Science, Technology, and Society Seminar: STS Circle at Harvard (In Person)


Monday, November 28, 2022, 12:15pm to 2:00pm


CGIS South, 1730 Cambridge Street, Thomas Chan-Soo Kang Room (S050)

"Cooperative Extension, climate science, and the quest for the public good?"


Karl Dudman, PhD candidate, Institute for Science, Innovation and Society, University of Oxford.


Sam Evans

Cosponsored by the Graduate School of Arts and Sciences.

Speaker Bio:

Karl Dudman is a PhD candidate at the University of Oxford’s Institute for Science, Innovation and Society. With a background in anthropology, global climate change politics, and science communication, Karl’s research explores the co-production of public climate ‘silence’ in the US. His recently completed fieldwork, hosted by the North Carolina State Climate Office, examined how actors within climate science, coastal management, and local politics navigate accelerating sea level rise in the context of widespread ambivalence towards the mainstream climate change narrative. Karl's research is supported by scholarships from US-UK Fulbright Commission and the Wenner Gren Foundation.


The Cooperative Extension System (CES) was founded in 1914 as a federal initiative to channel cutting-edge science into agriculture and industry, and radically modernize rural America. Despite its relative obscurity today, CES's national model of science as public service has, over time, grown far beyond agriculture and become increasingly centered on public needs and values. Nevertheless, the arrival of a climate crisis confronts CES with new challenges regarding how much of the controversy-tainted science of climate change to bring to its conservative rural audiences, and where its responsibilities lie. When scientific integrity, fiduciary duty, and public trust come into conflict, which should take precedence? What science do citizens need to know and whose definition of the public interest counts? Tracing diverse responses to these epistemic knots within CES, this talk discusses the conflicts that have come with democratizing agricultural science, and the ways in which climate change has both inflamed and illuminated them.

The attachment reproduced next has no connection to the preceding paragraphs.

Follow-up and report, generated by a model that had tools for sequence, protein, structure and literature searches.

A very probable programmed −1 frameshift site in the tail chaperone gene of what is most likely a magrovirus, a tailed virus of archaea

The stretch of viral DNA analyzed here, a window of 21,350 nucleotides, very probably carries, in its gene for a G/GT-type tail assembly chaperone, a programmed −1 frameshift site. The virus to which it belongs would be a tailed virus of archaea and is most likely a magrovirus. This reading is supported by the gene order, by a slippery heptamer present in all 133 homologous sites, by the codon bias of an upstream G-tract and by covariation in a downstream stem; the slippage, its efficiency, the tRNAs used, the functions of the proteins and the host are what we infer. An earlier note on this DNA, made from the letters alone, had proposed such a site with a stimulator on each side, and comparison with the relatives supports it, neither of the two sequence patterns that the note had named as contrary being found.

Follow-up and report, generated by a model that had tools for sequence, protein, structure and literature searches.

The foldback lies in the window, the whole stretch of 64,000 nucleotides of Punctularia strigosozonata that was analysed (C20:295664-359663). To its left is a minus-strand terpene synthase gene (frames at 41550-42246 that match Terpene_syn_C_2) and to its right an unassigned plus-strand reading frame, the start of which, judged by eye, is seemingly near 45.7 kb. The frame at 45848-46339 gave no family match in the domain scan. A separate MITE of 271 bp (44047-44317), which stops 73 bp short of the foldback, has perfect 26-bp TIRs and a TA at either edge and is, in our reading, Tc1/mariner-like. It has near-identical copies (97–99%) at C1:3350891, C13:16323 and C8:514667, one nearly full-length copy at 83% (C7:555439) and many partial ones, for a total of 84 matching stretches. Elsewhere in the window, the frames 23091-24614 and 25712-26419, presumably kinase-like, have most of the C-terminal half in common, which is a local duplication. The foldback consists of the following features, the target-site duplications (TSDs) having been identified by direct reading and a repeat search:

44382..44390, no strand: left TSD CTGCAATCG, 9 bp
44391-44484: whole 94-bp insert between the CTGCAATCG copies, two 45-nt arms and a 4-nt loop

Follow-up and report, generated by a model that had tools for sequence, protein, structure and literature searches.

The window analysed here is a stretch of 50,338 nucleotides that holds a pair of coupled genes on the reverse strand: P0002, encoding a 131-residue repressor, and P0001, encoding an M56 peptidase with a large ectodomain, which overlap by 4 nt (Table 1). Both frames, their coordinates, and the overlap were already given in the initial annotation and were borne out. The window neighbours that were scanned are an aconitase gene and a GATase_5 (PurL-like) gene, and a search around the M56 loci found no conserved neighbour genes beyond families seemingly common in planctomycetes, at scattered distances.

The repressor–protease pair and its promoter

Lunch is provided if you RSVP via our online form by close of business on Thursday, November 24: